“The court ruled that the answer to both questions is ‘yes,’ clearing the way for gay and lesbian couples to marry in all 50 states.”
This Supreme Court case, Obergefell v. Hodges, was named after Jim Obergefell, who sued to have his name placed on the death certificate of his late spouse, John Arthur. Marriage equality in his state of Ohio and the other three states of the 6th Circuit Court—Kentucky, Michigan, and Tennessee—had been blocked by that court’s ruling against same-sex marriage. It was the only appellate court to rule against marriage equality in the past nine years.
Thanks to today’s ruling, LGBT military families have access to full federal veterans benefits denied to them because of the patchwork laws granting legalized marriage equality across the nation. Even after the partial demise of DOMA, the VA determined the validity of marriages for benefits by the state of residence, not the state of celebration. Veterans could even be denied full rights to VA home loans. Off the bases where military members were stationed, many married same-sex couples lost their marital rights, and the military could re-locate them to non-equality states where a lesbian or gay could lose the ability to make healthcare decisions for a spouse or enroll a child in school.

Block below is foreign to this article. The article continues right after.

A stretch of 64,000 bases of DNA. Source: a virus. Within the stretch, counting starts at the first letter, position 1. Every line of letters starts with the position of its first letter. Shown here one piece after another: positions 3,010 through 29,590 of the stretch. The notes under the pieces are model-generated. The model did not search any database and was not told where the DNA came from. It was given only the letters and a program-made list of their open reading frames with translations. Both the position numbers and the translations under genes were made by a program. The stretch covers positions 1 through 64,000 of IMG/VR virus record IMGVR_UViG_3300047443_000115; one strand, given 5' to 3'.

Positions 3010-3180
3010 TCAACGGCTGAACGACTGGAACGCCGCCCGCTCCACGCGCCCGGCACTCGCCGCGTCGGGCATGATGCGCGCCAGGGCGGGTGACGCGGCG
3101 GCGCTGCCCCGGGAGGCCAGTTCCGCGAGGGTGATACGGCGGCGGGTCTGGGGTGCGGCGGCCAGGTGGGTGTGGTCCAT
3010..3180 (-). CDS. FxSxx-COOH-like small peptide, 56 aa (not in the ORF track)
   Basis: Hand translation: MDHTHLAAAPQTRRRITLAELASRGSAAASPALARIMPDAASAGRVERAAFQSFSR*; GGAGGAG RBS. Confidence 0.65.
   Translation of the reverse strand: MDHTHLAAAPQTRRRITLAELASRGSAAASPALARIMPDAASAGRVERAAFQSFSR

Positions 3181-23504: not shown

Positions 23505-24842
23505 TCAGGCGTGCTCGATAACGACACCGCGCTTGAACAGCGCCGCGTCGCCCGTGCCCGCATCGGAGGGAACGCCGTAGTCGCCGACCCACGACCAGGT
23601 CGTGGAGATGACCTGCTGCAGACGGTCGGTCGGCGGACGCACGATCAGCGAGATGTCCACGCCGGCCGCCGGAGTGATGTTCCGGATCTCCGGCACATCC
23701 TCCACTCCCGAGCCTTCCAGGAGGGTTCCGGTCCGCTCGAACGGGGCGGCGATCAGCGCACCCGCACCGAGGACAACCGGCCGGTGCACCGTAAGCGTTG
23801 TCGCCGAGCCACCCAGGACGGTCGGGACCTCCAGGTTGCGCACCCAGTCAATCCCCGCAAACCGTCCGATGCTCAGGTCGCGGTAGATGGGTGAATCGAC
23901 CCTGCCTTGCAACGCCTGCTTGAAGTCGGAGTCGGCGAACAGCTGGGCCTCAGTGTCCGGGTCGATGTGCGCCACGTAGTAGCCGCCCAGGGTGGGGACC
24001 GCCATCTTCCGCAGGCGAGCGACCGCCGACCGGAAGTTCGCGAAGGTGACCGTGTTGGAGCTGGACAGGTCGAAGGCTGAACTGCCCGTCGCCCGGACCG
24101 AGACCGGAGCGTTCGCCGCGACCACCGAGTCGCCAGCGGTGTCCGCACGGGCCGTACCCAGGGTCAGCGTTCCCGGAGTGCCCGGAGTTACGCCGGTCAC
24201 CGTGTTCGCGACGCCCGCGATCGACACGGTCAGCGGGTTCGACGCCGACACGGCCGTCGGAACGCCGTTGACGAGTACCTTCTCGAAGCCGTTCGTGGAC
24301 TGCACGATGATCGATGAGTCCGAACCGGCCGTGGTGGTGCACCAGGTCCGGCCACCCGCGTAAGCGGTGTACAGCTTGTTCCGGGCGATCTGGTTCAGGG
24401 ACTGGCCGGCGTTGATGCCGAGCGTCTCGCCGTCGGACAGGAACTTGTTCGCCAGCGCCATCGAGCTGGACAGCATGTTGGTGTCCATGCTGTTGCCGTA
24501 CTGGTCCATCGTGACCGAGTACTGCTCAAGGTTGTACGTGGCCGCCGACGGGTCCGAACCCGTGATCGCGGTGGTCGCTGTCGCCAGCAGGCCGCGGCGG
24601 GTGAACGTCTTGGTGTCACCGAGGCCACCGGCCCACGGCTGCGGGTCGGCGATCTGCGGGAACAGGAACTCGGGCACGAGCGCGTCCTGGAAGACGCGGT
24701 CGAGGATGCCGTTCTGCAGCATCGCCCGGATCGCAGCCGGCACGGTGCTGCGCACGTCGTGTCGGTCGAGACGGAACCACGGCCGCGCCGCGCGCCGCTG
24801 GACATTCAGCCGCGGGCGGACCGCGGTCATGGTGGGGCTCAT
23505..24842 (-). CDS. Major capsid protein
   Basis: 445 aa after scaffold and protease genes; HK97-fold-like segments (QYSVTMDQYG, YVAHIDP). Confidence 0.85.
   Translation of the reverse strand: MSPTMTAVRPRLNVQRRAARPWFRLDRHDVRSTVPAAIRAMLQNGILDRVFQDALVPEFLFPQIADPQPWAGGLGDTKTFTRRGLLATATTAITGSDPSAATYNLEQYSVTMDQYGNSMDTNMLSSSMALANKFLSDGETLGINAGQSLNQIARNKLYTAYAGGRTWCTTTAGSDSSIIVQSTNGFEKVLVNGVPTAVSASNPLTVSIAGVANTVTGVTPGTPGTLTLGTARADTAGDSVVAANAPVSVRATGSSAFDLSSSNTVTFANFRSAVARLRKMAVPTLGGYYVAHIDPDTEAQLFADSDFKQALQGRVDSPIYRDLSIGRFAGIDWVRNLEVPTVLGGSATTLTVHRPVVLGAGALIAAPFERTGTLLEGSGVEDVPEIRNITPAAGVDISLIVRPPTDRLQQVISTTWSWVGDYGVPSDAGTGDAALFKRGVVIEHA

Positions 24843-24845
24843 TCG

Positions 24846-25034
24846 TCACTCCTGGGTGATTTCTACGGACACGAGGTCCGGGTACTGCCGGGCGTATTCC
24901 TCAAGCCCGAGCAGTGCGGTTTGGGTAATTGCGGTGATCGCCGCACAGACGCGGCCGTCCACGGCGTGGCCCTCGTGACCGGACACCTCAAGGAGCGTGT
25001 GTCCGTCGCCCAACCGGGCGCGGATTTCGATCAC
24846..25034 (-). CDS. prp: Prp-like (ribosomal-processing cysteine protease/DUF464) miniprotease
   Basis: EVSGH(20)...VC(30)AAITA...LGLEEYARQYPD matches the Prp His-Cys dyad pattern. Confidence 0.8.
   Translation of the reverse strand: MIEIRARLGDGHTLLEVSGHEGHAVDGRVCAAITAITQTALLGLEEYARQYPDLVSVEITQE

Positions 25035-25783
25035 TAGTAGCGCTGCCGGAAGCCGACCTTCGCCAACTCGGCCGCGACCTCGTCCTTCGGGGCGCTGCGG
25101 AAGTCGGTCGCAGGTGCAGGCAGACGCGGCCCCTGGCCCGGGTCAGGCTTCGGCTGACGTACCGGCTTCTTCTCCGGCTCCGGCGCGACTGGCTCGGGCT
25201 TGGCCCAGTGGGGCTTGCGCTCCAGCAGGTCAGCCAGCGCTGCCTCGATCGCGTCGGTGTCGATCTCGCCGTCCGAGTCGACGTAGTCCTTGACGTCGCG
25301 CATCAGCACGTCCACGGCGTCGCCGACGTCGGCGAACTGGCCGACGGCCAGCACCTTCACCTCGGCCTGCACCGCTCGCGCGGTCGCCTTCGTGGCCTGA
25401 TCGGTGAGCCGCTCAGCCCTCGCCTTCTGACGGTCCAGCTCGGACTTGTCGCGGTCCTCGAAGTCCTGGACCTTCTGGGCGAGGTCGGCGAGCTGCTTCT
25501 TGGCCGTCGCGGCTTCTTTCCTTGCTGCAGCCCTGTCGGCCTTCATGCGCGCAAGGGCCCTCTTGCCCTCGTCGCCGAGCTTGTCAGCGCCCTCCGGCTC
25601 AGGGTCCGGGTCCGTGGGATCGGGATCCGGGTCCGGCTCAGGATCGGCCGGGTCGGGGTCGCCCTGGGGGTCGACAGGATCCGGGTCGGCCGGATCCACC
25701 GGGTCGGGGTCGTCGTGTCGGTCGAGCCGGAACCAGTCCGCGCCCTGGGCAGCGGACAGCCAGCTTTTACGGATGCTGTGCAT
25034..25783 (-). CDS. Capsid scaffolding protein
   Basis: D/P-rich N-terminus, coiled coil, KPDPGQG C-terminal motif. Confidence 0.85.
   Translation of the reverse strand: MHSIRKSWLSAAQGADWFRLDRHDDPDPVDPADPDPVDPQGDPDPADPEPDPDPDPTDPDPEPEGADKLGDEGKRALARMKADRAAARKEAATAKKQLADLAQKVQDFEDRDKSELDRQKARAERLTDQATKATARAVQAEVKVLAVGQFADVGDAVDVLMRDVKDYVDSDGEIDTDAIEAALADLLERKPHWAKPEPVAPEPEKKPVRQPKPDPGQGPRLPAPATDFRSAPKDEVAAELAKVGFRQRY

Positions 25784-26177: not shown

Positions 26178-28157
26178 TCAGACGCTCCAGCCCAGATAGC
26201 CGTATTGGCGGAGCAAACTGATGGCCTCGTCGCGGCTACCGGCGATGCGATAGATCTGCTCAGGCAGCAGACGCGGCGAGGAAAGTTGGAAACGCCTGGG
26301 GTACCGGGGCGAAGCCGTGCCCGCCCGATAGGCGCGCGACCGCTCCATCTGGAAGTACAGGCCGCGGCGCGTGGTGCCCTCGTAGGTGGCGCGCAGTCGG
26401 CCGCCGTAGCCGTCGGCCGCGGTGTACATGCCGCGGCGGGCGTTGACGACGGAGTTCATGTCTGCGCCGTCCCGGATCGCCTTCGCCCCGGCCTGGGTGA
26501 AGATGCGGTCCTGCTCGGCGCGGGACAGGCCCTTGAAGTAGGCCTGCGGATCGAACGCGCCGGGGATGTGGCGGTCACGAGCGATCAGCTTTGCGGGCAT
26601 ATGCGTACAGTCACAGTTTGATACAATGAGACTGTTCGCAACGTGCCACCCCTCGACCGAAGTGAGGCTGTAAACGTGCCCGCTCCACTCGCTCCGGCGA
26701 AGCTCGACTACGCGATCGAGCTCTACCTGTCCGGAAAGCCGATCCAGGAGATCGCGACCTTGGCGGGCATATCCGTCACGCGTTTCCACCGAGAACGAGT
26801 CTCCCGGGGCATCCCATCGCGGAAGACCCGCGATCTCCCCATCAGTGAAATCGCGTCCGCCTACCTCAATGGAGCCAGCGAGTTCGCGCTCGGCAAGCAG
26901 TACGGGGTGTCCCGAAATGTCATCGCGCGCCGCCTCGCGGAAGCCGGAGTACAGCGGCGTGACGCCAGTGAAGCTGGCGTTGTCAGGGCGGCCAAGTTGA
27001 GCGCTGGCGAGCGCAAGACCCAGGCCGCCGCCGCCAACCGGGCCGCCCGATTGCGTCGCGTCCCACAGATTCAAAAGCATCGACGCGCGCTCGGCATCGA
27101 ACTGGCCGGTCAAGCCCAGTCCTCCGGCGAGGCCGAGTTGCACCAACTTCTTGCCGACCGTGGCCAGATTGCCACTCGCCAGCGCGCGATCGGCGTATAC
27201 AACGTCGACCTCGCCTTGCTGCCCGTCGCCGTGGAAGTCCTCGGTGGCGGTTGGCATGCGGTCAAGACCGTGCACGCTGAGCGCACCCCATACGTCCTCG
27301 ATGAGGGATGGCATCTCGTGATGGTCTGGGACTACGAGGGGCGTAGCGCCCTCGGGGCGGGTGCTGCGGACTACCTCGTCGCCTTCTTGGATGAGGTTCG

Justice Antonin Scalia, roundly ridiculed for his ridiculous and pretentious language in this and other dissents, aptly described the problem of the current court when he wrote that the court is “strikingly unrepresentative” of the country as a whole.
“To allow the policy question of same-sex marriage to be considered and resolved by a select, patrician, highly unrepresentative panel of nine is to violate a principle even more fundamental than no taxation without representation: no social transformation without representation.”
The “unrepresentative panel” didn’t bother Scalia when the court turned elections over to the wealthy in the cases of Citizens United and American Tradition Partnership v. Bullock. Nor was it a concern of Scalia when the court disenfranchised millions of voters two years ago in Shelby County v. Holder. Scalia had no problem with District of Columbia v. Heller that took states’ rights away from sensible gun laws. Of course, Scalia never criticized the court ruling in Bush v. Gore that put Bush in the presidency although both the popular vote and the electoral vote (proved when the Florida count was completed) were in favor of Al Gore.